213 Credit lines between central banks and private financial institutions can take different forms and generally involve the payment of a regular commitment fee by a potential borrower to a provider of credit in exchange for opening and maintaining a credit line, with provisions allowing for renewals. Some credit lines are in the form of swap facilities: at the time a credit line is drawn upon, domestic currency securities owned by the authorities are swapped for foreign currency. Others are pure credit facilities.8

214 Commitments by countries to the IMF under the GAB and the NAB9 are not to be included in Section III of the Reserves Data Template. This is because lending to the IMF under the GAB and the NAB results in an increase in the countries’ reserve positions at the IMF (which is part of official reserve assets), and thus does not result in a reduction in the level of official reserve assets.10

215 Similarly, countries’ commitments to lend to IMF Managed Trust Accounts and similar bilateral lending arrangements are not to be reported in Section III of the Reserves Data Template.11 Creditor claims under these lending agreements are considered part of a member’s reserve assets, provided the terms of the agreement indicate that the claims are readily redeemable if the creditor represents a balance of payments need, and thus do not result in a reduction in the level of reserve assets.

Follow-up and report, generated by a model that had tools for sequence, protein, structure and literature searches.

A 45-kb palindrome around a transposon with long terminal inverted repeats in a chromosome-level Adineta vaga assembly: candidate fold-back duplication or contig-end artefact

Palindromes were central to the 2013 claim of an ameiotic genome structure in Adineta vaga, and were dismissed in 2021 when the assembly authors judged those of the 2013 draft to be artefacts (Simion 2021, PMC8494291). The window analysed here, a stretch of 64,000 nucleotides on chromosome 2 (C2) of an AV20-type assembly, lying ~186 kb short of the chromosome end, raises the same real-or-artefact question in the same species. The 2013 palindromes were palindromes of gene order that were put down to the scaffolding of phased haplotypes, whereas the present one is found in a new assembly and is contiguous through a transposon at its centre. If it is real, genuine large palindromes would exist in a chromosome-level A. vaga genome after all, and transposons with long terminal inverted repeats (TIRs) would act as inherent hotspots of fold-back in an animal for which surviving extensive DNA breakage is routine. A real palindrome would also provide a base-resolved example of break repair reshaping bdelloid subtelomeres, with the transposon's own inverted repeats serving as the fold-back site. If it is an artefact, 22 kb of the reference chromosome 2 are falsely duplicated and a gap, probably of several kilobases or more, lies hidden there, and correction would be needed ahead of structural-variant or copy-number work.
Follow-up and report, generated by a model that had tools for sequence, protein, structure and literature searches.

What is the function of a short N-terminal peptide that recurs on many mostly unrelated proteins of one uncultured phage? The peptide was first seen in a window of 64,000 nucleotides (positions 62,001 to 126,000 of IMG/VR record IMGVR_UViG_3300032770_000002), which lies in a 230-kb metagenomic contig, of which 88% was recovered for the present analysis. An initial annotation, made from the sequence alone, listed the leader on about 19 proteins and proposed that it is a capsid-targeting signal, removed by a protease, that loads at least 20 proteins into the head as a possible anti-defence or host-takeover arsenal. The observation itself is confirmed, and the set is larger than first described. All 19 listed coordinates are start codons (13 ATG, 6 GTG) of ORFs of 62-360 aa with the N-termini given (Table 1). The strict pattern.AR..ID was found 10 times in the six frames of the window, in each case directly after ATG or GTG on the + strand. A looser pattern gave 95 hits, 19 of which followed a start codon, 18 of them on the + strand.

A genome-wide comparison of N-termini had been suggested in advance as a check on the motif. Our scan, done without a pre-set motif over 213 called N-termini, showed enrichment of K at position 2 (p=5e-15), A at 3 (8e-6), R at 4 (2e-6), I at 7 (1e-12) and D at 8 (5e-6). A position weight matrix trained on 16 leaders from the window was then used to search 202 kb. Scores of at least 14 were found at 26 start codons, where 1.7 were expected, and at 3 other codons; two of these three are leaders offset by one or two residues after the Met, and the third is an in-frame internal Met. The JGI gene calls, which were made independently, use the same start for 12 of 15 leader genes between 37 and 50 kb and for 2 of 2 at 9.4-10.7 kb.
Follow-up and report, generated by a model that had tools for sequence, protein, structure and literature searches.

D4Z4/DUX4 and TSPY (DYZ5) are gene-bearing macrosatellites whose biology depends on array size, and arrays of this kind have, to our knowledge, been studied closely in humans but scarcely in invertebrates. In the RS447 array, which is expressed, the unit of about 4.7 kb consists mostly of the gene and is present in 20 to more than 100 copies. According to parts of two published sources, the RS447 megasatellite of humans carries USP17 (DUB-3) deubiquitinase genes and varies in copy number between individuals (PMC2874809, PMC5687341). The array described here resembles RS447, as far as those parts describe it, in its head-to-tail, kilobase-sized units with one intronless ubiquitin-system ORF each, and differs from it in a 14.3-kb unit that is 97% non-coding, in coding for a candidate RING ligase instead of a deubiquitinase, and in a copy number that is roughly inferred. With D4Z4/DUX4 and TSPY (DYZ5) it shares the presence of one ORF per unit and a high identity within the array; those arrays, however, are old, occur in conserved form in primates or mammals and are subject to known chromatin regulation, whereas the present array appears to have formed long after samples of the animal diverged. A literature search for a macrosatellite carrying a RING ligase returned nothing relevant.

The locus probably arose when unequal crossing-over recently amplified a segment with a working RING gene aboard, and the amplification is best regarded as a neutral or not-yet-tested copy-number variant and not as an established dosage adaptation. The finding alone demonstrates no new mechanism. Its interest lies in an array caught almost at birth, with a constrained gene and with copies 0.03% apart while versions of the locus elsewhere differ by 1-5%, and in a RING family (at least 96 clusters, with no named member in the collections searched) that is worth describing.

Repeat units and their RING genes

216 In general, IMF arrangements are conditional lines of credit and thus should not be included in Section III of the Reserves Data Template. However, where a country has not drawn amounts that have become available (for instance, because it treats an arrangement as precautionary), these amounts can be shown in Section III as available over the period up to the next “test date.”12, 13 It should be noted that inclusion, in precautionary arrangements, of amounts available only up to the point of the next test date will cause the amount of unconditional lines of credit to fluctuate over time.14 In addition, countries are encouraged to indicate in the country notes the amounts of Fund arrangements that are scheduled to become available, subject to observance of the relevant conditions, over the next one, three, and twelve months. The unconditional credit facilities that arise from memberships of regional pooling arrangements such as the Latin American Reserve Fund (LARF) should be included in Section III.3(a) “other national monetary authorities, BIS, IMF, and other international organizations,” with a footnote provided explaining the nature of these credit lines.